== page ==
FacebookTwitterLinkedInMySpaceBeboFriendFeedPingDiggDeliciousNetvibes ShareNewsVineStumbleUponRedditShare

Sir Ranulph Fiennes joins Extreme Medicine ’15 line-up

Extreme Medicine

We are delighted to welcome veteran explorer and writer Sir Ranulph Fiennes as guest speaker at the World Extreme Medicine Conference.

Fiennes was the first person to visit both the North and South Poles by surface means and the first to completely cross Antarctica on foot, and in 1984 was recognised as the “world’s greatest living explorer” by The Guinness Book of World Records.

The veteran explorer is still breaking records and undertaking expeditions, and in April this year is taking part in the ‘toughest footrace on Earth’; the Marathon des Sables in Morocco. If he completes it, he will be the oldest Briton ever to have done so. Fiennes, who has written numerous books about his army service and his expeditions as well as a book defending Robert Falcon Scott from modern revisionists, is bound to be an enthralling speaker…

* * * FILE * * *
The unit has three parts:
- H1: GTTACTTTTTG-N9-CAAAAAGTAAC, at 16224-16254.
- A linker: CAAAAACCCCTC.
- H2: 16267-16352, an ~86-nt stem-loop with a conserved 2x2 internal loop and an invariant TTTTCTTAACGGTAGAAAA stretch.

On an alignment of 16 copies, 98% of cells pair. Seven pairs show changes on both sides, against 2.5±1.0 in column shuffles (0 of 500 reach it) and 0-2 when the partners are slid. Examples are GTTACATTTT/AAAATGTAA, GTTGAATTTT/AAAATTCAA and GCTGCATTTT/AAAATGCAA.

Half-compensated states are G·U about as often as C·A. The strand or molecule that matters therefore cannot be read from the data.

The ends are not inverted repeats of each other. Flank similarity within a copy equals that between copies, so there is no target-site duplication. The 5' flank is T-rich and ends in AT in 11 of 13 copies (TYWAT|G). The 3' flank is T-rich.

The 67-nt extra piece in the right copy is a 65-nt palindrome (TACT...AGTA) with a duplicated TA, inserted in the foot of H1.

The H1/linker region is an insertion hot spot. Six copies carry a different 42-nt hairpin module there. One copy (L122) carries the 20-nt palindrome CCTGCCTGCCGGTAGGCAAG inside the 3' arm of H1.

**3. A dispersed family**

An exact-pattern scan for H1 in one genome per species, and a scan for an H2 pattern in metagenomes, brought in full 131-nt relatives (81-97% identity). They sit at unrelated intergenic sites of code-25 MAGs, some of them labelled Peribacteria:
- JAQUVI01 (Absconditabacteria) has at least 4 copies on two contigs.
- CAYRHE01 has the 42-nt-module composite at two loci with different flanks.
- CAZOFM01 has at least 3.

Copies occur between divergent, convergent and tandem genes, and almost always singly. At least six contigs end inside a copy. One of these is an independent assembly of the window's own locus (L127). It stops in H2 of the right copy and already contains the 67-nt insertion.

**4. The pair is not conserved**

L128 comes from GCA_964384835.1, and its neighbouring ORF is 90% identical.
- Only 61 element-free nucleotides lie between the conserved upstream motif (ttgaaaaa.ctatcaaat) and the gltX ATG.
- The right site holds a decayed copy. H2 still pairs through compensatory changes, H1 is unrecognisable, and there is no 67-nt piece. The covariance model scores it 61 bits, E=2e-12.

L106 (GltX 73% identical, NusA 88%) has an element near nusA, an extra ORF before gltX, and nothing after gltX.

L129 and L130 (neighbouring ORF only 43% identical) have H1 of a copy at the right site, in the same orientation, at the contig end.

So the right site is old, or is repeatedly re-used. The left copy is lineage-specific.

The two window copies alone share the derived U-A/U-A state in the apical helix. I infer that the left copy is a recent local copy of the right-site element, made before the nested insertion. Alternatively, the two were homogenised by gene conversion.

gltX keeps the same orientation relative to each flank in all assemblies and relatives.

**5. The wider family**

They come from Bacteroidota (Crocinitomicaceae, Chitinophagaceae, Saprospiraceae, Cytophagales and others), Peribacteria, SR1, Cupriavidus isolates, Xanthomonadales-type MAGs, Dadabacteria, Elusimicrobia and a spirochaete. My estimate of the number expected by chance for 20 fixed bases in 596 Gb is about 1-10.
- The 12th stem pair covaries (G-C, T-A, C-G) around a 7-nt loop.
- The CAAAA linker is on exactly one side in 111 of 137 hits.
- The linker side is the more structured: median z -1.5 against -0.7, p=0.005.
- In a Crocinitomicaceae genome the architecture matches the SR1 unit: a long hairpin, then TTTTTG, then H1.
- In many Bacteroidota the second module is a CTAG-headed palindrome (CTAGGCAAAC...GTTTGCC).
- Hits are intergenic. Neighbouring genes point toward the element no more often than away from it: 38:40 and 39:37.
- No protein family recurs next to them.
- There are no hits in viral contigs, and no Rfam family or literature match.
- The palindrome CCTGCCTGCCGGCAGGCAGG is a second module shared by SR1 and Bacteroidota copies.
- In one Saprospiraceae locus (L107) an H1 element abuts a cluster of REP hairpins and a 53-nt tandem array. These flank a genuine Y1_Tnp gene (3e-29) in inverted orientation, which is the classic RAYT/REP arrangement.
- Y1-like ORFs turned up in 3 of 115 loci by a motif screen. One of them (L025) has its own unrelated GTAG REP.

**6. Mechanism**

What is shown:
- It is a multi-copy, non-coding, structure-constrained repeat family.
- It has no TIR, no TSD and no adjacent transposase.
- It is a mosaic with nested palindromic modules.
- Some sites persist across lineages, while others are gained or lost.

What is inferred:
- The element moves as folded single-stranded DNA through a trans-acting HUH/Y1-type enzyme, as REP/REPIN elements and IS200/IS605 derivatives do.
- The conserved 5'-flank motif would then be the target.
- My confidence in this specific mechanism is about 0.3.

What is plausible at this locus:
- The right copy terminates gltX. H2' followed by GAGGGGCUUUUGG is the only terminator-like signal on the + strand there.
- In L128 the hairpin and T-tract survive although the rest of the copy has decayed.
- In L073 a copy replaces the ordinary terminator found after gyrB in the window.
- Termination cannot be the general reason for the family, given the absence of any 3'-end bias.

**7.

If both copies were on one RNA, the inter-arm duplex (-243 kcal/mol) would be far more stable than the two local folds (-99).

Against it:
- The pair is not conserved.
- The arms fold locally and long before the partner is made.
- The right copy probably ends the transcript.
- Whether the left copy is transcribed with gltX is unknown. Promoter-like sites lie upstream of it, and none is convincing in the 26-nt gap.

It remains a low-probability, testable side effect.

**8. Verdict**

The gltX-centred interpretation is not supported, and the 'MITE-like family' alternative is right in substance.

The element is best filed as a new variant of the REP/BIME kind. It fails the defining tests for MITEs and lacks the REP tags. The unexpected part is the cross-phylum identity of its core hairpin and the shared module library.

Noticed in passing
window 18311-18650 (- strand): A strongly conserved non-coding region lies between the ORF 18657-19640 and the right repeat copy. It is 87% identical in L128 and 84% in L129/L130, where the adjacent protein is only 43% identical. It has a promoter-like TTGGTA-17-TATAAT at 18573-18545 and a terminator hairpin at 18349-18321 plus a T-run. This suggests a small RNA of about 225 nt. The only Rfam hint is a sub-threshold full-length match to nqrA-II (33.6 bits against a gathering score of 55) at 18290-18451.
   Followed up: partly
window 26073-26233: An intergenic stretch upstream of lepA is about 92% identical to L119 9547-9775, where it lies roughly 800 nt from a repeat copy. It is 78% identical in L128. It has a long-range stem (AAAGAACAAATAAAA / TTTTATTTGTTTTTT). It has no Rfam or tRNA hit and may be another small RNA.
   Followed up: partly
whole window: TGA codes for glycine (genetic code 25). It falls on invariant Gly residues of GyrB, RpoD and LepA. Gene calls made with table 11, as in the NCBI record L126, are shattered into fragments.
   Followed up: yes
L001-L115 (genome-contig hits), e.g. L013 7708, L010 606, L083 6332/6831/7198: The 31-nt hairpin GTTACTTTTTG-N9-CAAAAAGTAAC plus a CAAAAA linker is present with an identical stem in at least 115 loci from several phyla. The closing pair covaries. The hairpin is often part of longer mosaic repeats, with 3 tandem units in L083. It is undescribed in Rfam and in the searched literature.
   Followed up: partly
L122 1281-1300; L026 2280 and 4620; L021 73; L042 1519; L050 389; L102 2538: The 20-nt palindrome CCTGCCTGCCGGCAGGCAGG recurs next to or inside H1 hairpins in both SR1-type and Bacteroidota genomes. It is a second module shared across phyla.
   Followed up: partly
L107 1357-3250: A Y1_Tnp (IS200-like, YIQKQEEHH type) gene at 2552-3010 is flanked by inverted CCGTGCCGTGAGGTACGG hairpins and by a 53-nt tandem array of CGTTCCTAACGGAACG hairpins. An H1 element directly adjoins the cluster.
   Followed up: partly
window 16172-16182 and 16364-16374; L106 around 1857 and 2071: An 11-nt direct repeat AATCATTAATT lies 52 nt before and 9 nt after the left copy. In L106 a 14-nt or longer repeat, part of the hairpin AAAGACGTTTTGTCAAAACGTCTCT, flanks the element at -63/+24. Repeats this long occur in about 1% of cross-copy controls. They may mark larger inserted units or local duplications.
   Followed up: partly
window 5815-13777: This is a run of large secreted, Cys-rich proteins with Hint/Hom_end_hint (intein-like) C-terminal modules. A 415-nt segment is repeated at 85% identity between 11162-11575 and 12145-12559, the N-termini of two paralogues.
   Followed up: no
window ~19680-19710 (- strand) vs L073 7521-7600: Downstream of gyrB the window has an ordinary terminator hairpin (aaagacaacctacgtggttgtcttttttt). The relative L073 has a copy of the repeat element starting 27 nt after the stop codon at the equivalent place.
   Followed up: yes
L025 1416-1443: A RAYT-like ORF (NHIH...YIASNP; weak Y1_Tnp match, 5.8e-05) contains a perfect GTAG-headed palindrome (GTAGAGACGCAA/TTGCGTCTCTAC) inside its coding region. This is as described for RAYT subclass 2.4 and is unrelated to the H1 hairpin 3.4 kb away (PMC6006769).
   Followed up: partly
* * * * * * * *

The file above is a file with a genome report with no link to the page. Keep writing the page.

Now in its fifth year, the World Extreme Medicine conference challenges thinking, builds bridges and introduces new ideas about medicine at its most remote and austere. We join together in one arena, four disparate but overlapping medical fields; Pre-hospital, Disaster & Humanitarian, Expedition, and Extreme medicine, to present new ideas and experiences from leading experts in their field.

New for 2015, are speakers on nanotechnology, remote diagnosis tools, extreme physiology and endurance sports medicine. We will also be considering the impact of climate change on global health, as well as the impact of conflict on civilians.

Always keen to inspire debate, our Innovation Platform will see ambitious medics pitching their ideas for small research grants before an expert panel.

The conference opens for registrations on March 29th 2015

Extreme Medicine

FacebookTwitterLinkedInMySpaceBeboFriendFeedPingDiggDeliciousNetvibes ShareNewsVineStumbleUponRedditShare